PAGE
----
"America is suffering from overwork. Too many of us are too busy, trying to squeeze more into each day while having less to show for it. Although our growing time crunch is often portrayed as a personal dilemma, it is in fact a major social problem that has reached crisis proportions over the past twenty years."
(Barbara Brandt, Whole Life Economics: Revaluing Daily Life. New Society, 1995)
"The modern-day apartment dweller is faced with a most annoying problem: paper-thin walls and sound-amplifying ceilings. To live with this problem is to live with the invasion of privacy. There is nothing more distracting than to hear your neighbors' every function. Although the source of the noise cannot be eliminated, the problem can be solved."
(Maria B. Dunn, "One Man's Ceiling Is Another Man's Floor: The Problem of Noise")
- Thesis Statements in Problem-Solution Essays
"In a problem-solution essay, the thesis statement usually proposes the solution. Because readers must first understand the problem, the thesis statement usually comes after a description of the problem. The thesis statement does not have to give details about the solution. Instead, it summarizes the solution. It should also lead naturally to the body of the essay, preparing your reader for a discussion of how your solution would work."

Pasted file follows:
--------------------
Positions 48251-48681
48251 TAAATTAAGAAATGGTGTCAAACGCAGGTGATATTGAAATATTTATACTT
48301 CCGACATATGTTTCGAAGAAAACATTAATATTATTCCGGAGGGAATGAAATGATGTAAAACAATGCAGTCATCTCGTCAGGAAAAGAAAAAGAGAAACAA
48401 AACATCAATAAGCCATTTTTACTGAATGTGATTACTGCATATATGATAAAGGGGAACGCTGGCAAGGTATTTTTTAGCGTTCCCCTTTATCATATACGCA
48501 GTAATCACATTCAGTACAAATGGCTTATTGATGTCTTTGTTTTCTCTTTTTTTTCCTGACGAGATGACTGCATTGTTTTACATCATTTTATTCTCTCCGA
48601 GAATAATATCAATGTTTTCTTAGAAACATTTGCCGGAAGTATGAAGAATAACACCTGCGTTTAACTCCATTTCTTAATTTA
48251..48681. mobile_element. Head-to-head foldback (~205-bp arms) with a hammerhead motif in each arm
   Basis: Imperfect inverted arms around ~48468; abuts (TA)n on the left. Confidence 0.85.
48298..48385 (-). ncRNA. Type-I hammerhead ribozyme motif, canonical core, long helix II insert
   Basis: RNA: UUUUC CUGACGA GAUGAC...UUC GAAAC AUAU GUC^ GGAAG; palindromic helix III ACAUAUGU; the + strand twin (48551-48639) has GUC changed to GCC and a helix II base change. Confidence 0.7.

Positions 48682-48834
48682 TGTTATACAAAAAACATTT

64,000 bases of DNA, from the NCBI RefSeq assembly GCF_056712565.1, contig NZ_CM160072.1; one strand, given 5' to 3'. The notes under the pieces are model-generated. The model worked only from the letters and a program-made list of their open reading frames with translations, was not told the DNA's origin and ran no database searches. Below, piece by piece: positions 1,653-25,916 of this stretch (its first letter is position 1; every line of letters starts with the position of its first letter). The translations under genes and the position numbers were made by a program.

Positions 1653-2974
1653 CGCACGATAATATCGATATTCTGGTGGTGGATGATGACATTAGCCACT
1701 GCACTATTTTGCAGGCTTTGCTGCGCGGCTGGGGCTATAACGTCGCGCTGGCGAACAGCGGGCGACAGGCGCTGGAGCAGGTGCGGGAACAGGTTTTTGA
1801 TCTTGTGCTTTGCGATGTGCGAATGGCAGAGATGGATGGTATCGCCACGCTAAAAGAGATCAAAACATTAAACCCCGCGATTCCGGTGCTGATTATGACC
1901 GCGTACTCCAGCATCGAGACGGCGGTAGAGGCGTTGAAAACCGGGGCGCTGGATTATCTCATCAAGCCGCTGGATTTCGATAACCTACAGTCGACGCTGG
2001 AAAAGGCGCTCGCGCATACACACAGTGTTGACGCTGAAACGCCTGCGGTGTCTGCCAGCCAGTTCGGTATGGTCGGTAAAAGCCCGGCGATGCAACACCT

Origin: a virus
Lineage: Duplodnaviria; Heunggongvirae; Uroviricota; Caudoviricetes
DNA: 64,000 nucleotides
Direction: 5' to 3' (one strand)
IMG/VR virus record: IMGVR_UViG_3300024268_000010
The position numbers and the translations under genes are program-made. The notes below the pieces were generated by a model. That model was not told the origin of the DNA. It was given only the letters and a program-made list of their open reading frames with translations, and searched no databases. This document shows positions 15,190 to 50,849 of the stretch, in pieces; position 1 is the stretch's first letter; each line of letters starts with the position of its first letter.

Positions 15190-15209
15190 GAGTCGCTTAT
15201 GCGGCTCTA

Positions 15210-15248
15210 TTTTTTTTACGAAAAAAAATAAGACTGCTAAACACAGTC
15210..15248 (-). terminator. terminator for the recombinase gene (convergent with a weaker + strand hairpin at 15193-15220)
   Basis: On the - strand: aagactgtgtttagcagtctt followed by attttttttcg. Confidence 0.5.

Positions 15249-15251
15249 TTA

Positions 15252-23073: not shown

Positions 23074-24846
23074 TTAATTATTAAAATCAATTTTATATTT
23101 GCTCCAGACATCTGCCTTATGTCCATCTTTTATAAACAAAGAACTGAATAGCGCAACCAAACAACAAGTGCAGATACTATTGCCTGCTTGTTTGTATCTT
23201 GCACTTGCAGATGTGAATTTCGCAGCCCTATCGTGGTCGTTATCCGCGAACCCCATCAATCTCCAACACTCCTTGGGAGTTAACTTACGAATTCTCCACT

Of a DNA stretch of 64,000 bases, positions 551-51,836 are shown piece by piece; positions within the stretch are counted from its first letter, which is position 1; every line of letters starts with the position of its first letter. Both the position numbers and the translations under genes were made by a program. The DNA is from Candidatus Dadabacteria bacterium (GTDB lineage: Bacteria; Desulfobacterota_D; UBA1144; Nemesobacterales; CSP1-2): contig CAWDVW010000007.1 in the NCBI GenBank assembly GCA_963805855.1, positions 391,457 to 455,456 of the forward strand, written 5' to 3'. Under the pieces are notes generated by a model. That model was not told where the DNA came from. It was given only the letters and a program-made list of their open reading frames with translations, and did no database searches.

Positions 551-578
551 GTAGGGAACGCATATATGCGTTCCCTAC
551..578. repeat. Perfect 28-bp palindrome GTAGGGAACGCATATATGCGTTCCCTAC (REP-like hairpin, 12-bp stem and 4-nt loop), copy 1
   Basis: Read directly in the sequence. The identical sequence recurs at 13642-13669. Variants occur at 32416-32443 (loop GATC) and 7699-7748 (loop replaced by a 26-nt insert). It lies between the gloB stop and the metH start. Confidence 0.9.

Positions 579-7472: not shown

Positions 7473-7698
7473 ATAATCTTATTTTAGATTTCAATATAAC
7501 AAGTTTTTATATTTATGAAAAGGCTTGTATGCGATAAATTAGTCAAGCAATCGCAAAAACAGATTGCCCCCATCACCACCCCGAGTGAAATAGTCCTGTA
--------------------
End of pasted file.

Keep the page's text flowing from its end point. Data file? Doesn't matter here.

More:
(Dorothy Zemach and Lynn Stafford-Yilmaz, Writers at Work: The Essay. Cambridge University Press, 2008)
The best solution to controlling deer populations is to stay as close to nature's ways as possible, and game management by hunting meets this criterion.Discussion: The writer of this thesis is developing a problem-solution essay. Essays following this pattern usually begin with a discussion of the problem and its causes and then examine possible solutions. In this essay, the writer presents a problem's history, causes, and effects. He then identifies and dismisses some solutions before arguing for one solution in particular.
(Randall VanderMey, Verne Meyer, John Van Rys, and Pat Sebranek, The College Writer Brief: A Guide to Thinking, Writing, and Researching, 3rd ed. Wadsworth, Cengage, 2009)
- Sample Introduction and Statement of the Problem: "The Frosh Fifteen"
"College is a time for accumulation: of knowledge, friends, experiences, Cliffs Notes, student-loan debt. Unfortunately the first year, especially this first quarter, many students also accumulate unwanted weight--the dreaded Frosh Fifteen.
"'A lot of things kind of conspire to impact students,' says Mark Mitsui of North Seattle Community College. As manager of its Physical Education and Wellness Center, he sees many of the traps that befall students. 'They are in a new environment, they have a new schedule, new friends, new food choices, and some are living away from home for the first time.' . . .
"Students often fall into a pattern that sabotages the day: staying up at night to study, sleeping in as long as possible, getting up late, skipping breakfast, then rushing off to class. By midmorning, they're famished and the nearest food is in a vending machine. In response to junk-food snacks they skimp on lunch, and by dinner are so hungry again they chow down. Later rendezvous with friends often revolve around fast food and beer. . . ."
(Molly Martin, "The Frosh Fifteen--This Is The First Quarter Of The Rest Of Your Life." The Seattle Times, October 4, 1998)